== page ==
Content at a glance:
Mild Violence: Bloodless combat against other boxers, opponents suffer mild injuries, knock-out punches are seen in slow motion.
Fantasy Magic: One opponent uses magic to fight, cutscenes show boxers drawing power from the elements or in a meditative pose.
Scantily Clad Women: Cutscene shows women in bikinis or low-cut outfits.
Crude Humor: Some boxers are disgusting in appearance or behavior.
People love the idea of the little guy making it big in just about every way. We always cheer for the underdog and hope they make it to the top. Punch-Out!! brings us the smallest little guy around. Why do you think they call your character Little Mac? For those who remember this remake of an old game, not much has changed, except the faces you see and smash in your hopes of making it all the to the top.
In just about every Punch-Out title, you assume of the role of Little Mac, an up-and-coming boxer with big dreams. This doesn’t change. One again, Little Mac is aiming for the World Championship, and the prize belt that goes along with it. The only thing standing in Mac’s way is an array of colorful and, at times, ridiculous fighters, some way bigger than others. But Mac doesn’t falter at the challenge, so he takes them all on one-by-one. With his trainer, Doc Louis supporting him, Mac begins in the Minor Circuit and hopes to work his way towards wearing the champion’s belt.
Punch-Out!! doesn’t go anywhere, except to a bigger and brighter boxing ring. The game takes place in a 3-D, cel-shaded environment, as limited as it is. The game has two real modes, Career and Exhibition. Career is where the real story takes place. You begin in the Minor Circuit. With the exception of the World Circuit, each circuit has four fighters. You take them on one at a time in three-round, three-minute matches. If you beat the fighter, you move on to the next one. If you beat the champion fighter, you move on to the next circuit.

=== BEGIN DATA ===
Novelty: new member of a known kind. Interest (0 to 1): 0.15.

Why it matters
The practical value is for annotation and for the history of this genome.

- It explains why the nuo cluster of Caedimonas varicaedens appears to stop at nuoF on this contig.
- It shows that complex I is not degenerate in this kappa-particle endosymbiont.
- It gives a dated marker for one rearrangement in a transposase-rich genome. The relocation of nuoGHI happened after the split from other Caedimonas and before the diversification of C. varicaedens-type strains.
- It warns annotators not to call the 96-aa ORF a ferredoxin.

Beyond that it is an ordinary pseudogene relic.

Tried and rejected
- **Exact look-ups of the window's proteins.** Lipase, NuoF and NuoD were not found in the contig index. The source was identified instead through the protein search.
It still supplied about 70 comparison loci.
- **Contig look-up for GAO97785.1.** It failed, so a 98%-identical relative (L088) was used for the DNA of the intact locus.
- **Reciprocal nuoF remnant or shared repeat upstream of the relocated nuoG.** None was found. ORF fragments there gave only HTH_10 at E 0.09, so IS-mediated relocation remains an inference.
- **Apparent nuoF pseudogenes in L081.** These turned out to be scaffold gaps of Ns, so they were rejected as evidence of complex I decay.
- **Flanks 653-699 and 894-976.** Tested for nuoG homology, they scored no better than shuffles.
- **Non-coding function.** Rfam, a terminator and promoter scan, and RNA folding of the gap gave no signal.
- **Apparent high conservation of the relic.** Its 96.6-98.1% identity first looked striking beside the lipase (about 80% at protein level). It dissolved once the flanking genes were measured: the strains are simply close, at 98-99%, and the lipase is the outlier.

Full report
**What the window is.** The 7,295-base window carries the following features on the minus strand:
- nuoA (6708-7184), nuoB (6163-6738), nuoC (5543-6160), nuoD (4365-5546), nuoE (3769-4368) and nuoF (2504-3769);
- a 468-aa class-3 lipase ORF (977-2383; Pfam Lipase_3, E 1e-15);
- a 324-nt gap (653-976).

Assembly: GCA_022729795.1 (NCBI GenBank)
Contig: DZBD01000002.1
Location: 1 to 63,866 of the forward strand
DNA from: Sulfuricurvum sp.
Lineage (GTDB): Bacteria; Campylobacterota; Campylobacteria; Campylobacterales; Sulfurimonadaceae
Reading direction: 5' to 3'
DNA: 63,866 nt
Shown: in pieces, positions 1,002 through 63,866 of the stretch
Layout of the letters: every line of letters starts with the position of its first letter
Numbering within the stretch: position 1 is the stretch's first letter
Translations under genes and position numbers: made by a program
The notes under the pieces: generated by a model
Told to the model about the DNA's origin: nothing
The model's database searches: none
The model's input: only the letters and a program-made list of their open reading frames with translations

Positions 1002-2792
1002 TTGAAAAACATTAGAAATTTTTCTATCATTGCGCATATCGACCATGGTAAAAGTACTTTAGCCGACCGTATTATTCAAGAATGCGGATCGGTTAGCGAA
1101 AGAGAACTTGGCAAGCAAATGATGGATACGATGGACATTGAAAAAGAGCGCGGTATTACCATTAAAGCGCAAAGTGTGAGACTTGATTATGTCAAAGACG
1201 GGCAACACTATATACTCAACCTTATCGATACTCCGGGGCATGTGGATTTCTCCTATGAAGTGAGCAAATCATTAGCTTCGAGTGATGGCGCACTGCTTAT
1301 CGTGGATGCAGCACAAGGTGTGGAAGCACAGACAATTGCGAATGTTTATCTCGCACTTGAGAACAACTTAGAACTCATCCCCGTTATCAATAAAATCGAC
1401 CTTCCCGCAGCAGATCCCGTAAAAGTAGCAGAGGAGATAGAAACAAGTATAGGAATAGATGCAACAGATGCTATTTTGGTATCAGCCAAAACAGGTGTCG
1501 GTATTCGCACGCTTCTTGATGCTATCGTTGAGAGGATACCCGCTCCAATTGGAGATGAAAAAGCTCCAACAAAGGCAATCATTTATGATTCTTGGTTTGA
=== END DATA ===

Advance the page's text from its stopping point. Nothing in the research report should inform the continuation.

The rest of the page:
You play with either the Wii Remote and Nunchuck or just the Wii Remote which you hold like a controller. If you have a Wii Balance Board, you can use that to dodge oncoming punches; if not, you just use whatever control setup you have. Sounds easy, doesn’t it? It’s not. To win each bout, you’ll need a mixture of timing and reflexes. Each opponent will usually give an indication of what they’re going to do. You have to learn what those indications are and how to avoid the attack. If you do, you’ll most likely be able to stun the opponent and hit them a few times. Most opponents won’t give you an opening otherwise, so that’s important.
You also have to watch your stamina meter, a small heart-shaped meter near the top of the screen. This shows how many punches Mac can throw. Missing punches or having your punches blocked will deplete the meter and if it empties, you’ll have to dodge an attack before Mac can punch again. You also have to watch your health meter and a counter that shows how many times you’ve been knocked down. If you get knocked down three times, a TKO, the match is over.
Sometimes if you hit an opponent at a certain time, you get a star. If you have at least one, you can perform a much more powerful Star Punch.